WHEN three-year-old Cobee Illman couldn’t keep his food down, his parents thought he had a stomach bug.
But weeks after initially being told it was a tummy infection, his family discovered the tot had a rare form of cancer.
Mum Tanya Gibbard, of Bedford Drive, Titchfield Common, remembers how terrified she felt when her son was given the diagnosis in March last year, when he was just three.
The 25-year-old said: ‘Cobee became unwell.
‘He would try to eat something and everytime he was trying to swallow it he was bringing it back up again.
‘We had been to a farm the day before and thought he might’ve picked something up from there and we took him to the hospital.
‘He hadn’t had a meal and wasn’t drinking anything either.’
Worried, Tanya and her partner Chris, 31, took Cobee to the children’s unit in Queen Alexandra Hospital, Cosham.
He was given medicine to treat what was thought to be a stomach bug.
But the problems kept on coming back and two weeks later Coree was taken back to QA. This time tests revealed a tumour measuring 2cm was pressing against his oesophagus causing it to kink and the reason he couldn’t swallow food.
Doctors diagnosed anaplastic large cell lymphoma – a rare cancer which mainly affects children and young adults. Further tests found more tumours on his kidneys.
‘We didn’t know how to react when we were first told,’ said Tanya, a childcare worker. ‘I was quite angry that it had taken them that long to find them.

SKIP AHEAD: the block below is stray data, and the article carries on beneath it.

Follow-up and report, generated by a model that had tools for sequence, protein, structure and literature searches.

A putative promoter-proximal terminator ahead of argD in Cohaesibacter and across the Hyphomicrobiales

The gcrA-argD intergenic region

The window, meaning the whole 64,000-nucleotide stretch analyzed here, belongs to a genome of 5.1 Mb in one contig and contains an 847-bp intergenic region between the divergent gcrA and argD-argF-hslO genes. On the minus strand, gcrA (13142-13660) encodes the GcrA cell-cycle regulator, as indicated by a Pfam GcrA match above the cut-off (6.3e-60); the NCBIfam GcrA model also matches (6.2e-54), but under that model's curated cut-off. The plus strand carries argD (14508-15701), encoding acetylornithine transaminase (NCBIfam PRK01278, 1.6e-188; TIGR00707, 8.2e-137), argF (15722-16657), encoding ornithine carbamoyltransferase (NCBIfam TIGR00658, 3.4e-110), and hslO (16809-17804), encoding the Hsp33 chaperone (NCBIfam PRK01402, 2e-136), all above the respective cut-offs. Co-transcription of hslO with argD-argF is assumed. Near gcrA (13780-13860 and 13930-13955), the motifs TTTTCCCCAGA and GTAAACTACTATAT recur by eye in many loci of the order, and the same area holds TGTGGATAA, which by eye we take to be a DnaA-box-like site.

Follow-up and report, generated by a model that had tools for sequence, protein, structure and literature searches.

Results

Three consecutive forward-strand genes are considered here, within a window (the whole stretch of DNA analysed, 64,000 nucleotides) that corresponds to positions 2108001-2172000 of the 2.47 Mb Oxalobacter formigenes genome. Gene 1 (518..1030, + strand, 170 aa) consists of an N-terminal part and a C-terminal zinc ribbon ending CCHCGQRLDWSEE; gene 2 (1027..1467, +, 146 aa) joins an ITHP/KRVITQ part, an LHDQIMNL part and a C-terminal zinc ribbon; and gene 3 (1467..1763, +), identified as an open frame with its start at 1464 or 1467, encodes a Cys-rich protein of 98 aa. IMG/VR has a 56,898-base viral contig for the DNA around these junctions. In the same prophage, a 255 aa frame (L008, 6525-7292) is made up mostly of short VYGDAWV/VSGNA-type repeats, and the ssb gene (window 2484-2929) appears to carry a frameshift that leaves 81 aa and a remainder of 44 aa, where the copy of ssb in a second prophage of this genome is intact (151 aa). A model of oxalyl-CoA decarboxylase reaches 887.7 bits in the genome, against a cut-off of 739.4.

‘Only two weeks before they had checked him and hadn’t found anything – I was so upset. You kind of think kids don’t get cancer. I remember going home the first night after being told and we cried all night – we hardly slept.
‘We were so scared we were going to lose our precious little boy.’
Coree was transferred to Southampton General Hospital for a procedure to remove the tumours.
The youngster had become weak because he had not eaten and specialists used steroids to shrink the cancer.
Within three days X-rays revealed the tumour had shrunk so much there was no need to operate.
Cobee went through six months of chemotherapy, before he was given the all clear – much to the relief of his parents. Despite everything, Tanya considers they are very lucky.
She said: ‘I still get scared if Coree coughs up food or something, in case it’s back.
‘But we’re glad the cancer was found and he was treated.’
To raise awareness of different cancers and raise money, Tanya will be taking part in this year’s Race For Life.
The event takes place on Sunday, July 22, and the 5k course starts on Southsea Common. Money raised is donated to Cancer Research UK.
For more information call 0871 641 1111, or visit raceforlife.org.